What foods contain dairy?

Milk and milk products such as cheese, yogurt, and cream are easily recognizable as dairy, but there are also less obvious food items that contain dairy. Baked goods, sauces, salad dressings, chewing gum, and processed foods may contain dairy. Always check the label to confirm if your food contains dairy.

foods with dairy

Dairy-Free Food List

Whole foods are the most reliable choice for those with a dairy allergy or lactose intolerance, as they are free from dairy. In addition to whole foods, vegan options also offer a wide variety of dairy-free choices.

  • vegetables
  • fruits
  • meat
  • poultry
  • eggs
  • fish
  • seafood
  • beans and legumes
  • nuts and seeds
  • whole grains
  • herbs and spices
  • oils (olive oil, avocado oil)
  • dark chocolate

Dairy-Free Diet Meal Plan

Creating meal plans for clients with milk allergies or lactose intolerance can be time-consuming for nutritionists, personal trainers, or coaches who are used to including dairy products like yogurt and cheeses. However, making substitutions for dairy is essential in such cases.

  • Dairy Milk – soy milk, oat milk, almond milk, coconut milk, and other plant milk.
  • Yogurt – almond yogurt, coconut yogurt, soy yogurt, cashew yogurt.
  • Butter – coconut oil, olive oil, vegan butter, (for baking) apple sauce, avocado, mashed bananas, nut butter.
  • Cream – coconut cream, silken tofu, cashew cream, and other non-dairy creams.
  • Cheese – vegan cheese, nutritional yeast.

Dairy-Free Diet Planner

NutriAdmin is a nutrition software with a meal plan generator that also functions as a dairy-free diet planner. It has a diet filter that automatically removes dairy from meal plans, simplifying the creation of dairy-free meal plans for nutrition and fitness professionals in just 60 seconds.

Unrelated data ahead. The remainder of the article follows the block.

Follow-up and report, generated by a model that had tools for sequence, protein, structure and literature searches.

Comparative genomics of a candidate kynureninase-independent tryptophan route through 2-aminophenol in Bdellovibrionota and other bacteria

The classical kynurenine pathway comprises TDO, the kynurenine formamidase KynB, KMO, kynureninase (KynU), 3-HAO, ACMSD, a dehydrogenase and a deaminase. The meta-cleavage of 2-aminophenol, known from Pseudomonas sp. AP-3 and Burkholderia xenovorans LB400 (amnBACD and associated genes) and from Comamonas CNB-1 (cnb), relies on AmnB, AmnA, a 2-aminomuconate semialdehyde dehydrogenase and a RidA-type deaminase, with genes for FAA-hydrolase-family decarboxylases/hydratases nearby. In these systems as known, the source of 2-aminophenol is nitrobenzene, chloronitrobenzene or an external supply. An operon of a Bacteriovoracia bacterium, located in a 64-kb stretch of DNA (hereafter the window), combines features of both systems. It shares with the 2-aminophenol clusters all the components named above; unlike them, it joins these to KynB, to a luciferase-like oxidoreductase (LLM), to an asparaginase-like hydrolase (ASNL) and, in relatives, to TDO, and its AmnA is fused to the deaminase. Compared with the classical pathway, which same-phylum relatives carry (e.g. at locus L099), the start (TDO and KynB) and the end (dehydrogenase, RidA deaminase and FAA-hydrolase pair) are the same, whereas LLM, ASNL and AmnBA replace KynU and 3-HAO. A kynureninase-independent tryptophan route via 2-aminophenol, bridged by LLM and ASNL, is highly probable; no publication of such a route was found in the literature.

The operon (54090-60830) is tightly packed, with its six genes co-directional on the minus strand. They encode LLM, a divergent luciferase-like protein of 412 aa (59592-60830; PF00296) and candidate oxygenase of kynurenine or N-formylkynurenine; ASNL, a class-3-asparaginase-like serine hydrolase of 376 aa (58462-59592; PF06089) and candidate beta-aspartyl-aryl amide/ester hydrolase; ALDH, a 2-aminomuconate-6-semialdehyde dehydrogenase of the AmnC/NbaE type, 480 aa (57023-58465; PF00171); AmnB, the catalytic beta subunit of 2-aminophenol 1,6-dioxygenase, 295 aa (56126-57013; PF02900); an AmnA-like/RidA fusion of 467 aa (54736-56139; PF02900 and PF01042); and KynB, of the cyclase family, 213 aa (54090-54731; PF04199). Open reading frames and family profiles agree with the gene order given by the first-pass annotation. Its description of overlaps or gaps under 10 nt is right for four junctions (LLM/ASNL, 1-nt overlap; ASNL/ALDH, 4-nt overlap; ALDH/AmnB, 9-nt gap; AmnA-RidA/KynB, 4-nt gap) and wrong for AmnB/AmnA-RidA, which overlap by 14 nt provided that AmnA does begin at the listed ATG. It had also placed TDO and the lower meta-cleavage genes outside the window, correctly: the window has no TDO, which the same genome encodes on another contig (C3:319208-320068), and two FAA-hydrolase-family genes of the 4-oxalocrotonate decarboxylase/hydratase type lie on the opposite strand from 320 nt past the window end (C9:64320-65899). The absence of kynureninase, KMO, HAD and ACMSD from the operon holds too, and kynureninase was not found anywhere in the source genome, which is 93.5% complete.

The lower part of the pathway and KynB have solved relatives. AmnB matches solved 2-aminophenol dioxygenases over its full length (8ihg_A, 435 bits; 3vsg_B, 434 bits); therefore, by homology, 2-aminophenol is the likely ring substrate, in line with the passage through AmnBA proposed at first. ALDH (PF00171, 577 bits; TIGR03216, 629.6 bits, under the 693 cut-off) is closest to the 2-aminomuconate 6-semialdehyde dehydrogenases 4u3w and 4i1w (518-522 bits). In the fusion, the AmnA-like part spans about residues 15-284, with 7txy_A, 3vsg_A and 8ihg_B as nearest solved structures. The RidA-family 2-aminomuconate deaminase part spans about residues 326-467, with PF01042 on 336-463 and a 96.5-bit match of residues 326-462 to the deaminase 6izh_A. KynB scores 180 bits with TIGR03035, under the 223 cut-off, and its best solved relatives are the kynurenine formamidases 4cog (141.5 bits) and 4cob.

You can use and download the dairy free meal plan below generated through NutriAdmin’s meal plan generator.

Dairy-Free Recipes

Aside from a diet planner, NutriAdmin also offers a nutritionist-vetted recipe database. Here, nutrition and fitness professionals can find dairy-free recipes that are both delicious and easy to make. Below are sample dairy free recipes from NutriAdmin:

Potential Risks of a Dairy-Free Diet

Dairy products provide essential nutrients for energy, growth, development, and bone health. If you want to eliminate them from your diet, make sure you get enough of these nutrients from other sources. Additionally, you should consult your healthcare provider if you need to take supplements.

The following are nutrients that can be found in dairy:

  • Calcium
  • Phosphorus
  • Protein
  • Vitamins A, D, and B12
  • Riboflavin
  • Potassium
  • Zinc
  • Choline
  • Magnesium
  • Selenium

To ensure you get enough of these nutrients when eliminating dairy from your diet, it’s important to consume a variety of foods and consider fortified non-dairy alternatives. Here are some examples of non-dairy alternatives for Calcium and Vitamin D that you can add to your diet if you don’t want or can’t consume dairy.

Non-Dairy Calcium Alternatives

  • tinned fish with bones
  • non-dairy milk fortified with Calcium
  • tofu made with calcium sulfate
  • green leafy vegetables
  • hummus
  • eggs
  • figs
  • almonds
  • sesame seeds
  • tahini

Non-Dairy Vitamin D Alternatives

  • Exposure to sunlight on your skin helps your body produce vitamin D.
  • mushrooms
  • Rainbow trout, freshwater
  • salmon
  • Vitamin D-fortified food and drinks


Dairy-free meal plans and recipes are for individuals who avoid dairy due to milk allergy, lactose intolerance, ethical beliefs, or health concerns. A dairy-free diet means not consuming milk, cheese, yogurt, and other foods made from dairy. To make balanced dairy-free meal plans, focus on natural foods like fruits, vegetables, lean meats, beans, and grains.

Use dairy alternatives like plant-based milk, non-dairy yogurts, and vegan cheeses. When making dairy-free recipes, use substitutes like coconut oil or plant-based butter for baking and nutritional yeast for a cheesy taste. There are many options for a dairy-free diet, such as fresh produce, plant-based proteins, and healthy fats. Be careful of hidden dairy in processed foods, and always check the labels.

When making dairy-free diet plans, make sure to get enough calcium and vitamin D from fortified alternatives or other foods. With careful planning and creative recipes, a dairy-free diet can be both nutritious and enjoyable.

Frequently Asked Questions